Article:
1. What is this document?
This document is the proceedings of an Inquisition case brought against a woman, or a girl, who was 14 years old in 1659. And the blasphemy she was accused of committing was the crime of renouncing God. This was a fairly common crime that blacks and mulattoes were accused of. This woman was a mulata, the child of a white and a black.
In these cases blacks and mulattoes who were slaves or servants were being beaten. And they knew that if they renounced God, which was a crime, the beating would theoretically have to stop and they would be brought to the Inquisition thereby giving them some respite from the beating. So what often happened is an owner or a master would come in and say my slave did this horrible thinghe or she renounced God.. Scholars have argued that this was a strategy to get the beating to stop and to get a hearing at the Inquisition.
This 14 year old girl was named Gertrudis de Escobar. She was actually a free mulata servant in a convent. She was brought to the Inquisition by her mistress, Juana de la Cruz, who was a nun. She had heard that there was a possibility that Gertrudis was thinking of running away, so her mistress was punishing her.
One of the reasons that it is possible for people to kind of get their stories out at the Inquisition is because they ask these open-ended questions. You have to respond to each of the accusations in detail. Whats interesting about this case is that she doesnt get browbeaten into rolling over and saying Im guilty.
The proceedings were secret, and so she was asked if she knew why she was brought to the Inquisition. She didnt know, so the charges were read to her. She had claimed that many of the charges were false. She agreed that she had renounced God, but claimed that she had been forced. She was convicted and sentenced to an auto de fe, which is a public reading of her crime. She was paraded through the streets in public humiliation, and this is a fairly common punishment. Often cases end here.
This case is interesting because then theres this other letter from a cleric written in 1662, two years after the initial case. He tells the story of what happened to Gertrudis after the case was over. Generally, you dont know what happens. But what happened to Gertrudis was, she was sold by her aunt and her cousins to an ingenio, a sugar mill, even though she was free, to pay off the money that she owed the Inquisition. People had to stay in the secret jail of the Inquisition during the time of their trial, and they ate and sometimes they had medicine. She owed 19 pesos by the time the case was over.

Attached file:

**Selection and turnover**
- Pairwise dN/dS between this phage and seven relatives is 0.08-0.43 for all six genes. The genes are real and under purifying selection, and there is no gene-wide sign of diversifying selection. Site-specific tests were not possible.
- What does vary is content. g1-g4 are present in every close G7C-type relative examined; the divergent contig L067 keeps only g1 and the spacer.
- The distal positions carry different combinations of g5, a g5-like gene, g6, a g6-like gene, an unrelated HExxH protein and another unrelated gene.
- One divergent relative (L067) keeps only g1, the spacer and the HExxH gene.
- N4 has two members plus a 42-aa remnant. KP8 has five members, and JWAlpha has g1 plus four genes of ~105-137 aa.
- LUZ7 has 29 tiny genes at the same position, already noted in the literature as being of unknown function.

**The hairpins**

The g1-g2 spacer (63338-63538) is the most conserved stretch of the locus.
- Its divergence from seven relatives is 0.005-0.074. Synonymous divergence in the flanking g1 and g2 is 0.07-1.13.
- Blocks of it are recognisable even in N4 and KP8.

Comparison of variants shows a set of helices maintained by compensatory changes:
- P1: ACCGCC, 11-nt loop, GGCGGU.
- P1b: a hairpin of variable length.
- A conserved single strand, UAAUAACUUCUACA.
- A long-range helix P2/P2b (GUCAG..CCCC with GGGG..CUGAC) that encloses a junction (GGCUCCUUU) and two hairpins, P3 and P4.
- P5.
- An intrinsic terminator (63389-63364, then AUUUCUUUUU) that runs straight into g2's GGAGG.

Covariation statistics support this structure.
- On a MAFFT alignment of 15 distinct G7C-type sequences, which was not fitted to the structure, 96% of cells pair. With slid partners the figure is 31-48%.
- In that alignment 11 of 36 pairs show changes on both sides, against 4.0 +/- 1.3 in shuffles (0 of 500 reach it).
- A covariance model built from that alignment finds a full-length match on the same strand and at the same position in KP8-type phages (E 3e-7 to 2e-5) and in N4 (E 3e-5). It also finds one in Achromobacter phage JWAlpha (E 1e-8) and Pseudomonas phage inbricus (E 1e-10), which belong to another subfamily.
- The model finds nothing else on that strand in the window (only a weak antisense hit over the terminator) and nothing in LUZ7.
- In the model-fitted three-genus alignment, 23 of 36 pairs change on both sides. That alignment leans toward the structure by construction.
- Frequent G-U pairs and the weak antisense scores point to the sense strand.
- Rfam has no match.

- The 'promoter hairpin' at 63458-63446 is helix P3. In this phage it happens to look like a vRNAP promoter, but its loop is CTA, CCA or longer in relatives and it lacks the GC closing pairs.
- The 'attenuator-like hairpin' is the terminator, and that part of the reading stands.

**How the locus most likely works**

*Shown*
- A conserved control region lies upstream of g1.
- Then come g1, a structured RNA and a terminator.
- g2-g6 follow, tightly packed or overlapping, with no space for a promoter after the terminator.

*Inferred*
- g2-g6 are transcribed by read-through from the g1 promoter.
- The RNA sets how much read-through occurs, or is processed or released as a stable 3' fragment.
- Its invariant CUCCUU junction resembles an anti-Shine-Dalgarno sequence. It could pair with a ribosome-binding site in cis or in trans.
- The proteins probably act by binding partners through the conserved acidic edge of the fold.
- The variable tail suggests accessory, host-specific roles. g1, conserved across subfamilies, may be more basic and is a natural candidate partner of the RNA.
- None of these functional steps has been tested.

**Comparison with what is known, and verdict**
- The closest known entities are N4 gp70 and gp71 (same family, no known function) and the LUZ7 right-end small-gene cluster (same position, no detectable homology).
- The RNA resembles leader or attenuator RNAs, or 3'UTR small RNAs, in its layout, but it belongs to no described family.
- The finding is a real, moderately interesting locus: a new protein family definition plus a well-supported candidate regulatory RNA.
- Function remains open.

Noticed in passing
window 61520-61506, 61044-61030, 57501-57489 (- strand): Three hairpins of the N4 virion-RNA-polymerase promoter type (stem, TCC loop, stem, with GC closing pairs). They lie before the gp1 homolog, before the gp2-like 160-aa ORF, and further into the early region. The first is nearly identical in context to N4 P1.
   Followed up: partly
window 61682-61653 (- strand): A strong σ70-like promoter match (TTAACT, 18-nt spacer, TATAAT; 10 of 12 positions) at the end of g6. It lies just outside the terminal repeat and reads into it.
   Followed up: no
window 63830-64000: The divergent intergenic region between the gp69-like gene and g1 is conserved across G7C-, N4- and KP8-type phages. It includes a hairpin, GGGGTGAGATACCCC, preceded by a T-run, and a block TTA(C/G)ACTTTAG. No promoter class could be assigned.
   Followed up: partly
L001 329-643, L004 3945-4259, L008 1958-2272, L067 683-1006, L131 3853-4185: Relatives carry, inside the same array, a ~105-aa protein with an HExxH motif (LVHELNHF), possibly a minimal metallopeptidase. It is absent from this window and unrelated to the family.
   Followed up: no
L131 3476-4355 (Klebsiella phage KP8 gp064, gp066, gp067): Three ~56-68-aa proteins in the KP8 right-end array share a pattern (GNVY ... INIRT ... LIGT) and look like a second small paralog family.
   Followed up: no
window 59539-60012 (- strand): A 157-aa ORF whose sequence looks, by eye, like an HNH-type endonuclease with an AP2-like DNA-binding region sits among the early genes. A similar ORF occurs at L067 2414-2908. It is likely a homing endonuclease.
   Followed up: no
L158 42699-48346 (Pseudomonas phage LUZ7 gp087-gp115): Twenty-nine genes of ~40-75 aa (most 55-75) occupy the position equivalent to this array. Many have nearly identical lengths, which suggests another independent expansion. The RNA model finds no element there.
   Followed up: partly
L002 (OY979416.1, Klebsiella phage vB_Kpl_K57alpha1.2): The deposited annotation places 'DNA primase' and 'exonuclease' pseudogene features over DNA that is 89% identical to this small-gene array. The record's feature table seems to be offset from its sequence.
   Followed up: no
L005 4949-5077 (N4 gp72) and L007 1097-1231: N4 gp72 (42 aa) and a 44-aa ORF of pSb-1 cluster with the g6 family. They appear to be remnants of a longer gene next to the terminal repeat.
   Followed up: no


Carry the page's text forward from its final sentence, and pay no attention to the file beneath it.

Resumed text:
She was put to work in the sugar fields, which was difficult work. She was beaten a number of times; she tried to run away. She suffered all these indignities and kept trying to prove over and over again that really she was free. That it was illegal, really, to sell her into the sugar mill. Finally, in 1662, she went to this cleric and appealed to him and said please bring my case to the Inquisition, explain to them what happened, explain to them that I was sold illegally, really, that I shouldnt have been sold. And so what happened to her after the case was over comes from this letter written by this priest that ends up in the Inquisition.
Gertrudis was eventually freed. She had to go back to an ingenio and continue to work for awhile and then the inquisitors decided that she was to be freed. She was not a slave so she couldnt be owned by anybody.
Sometimes owners or masters bring their slaves to the Inquisition for renouncing because somebody else heard them, to save face. But maybe if it happened in private, you wouldnt bring your slave to the Inquisition because people spent a long time in the jails of the Inquistion. Juana de la Cruz did not have access to her servant Gertrudis for over two months. So theres not necessarily a big payoff for bringing your slave to the Inquisition.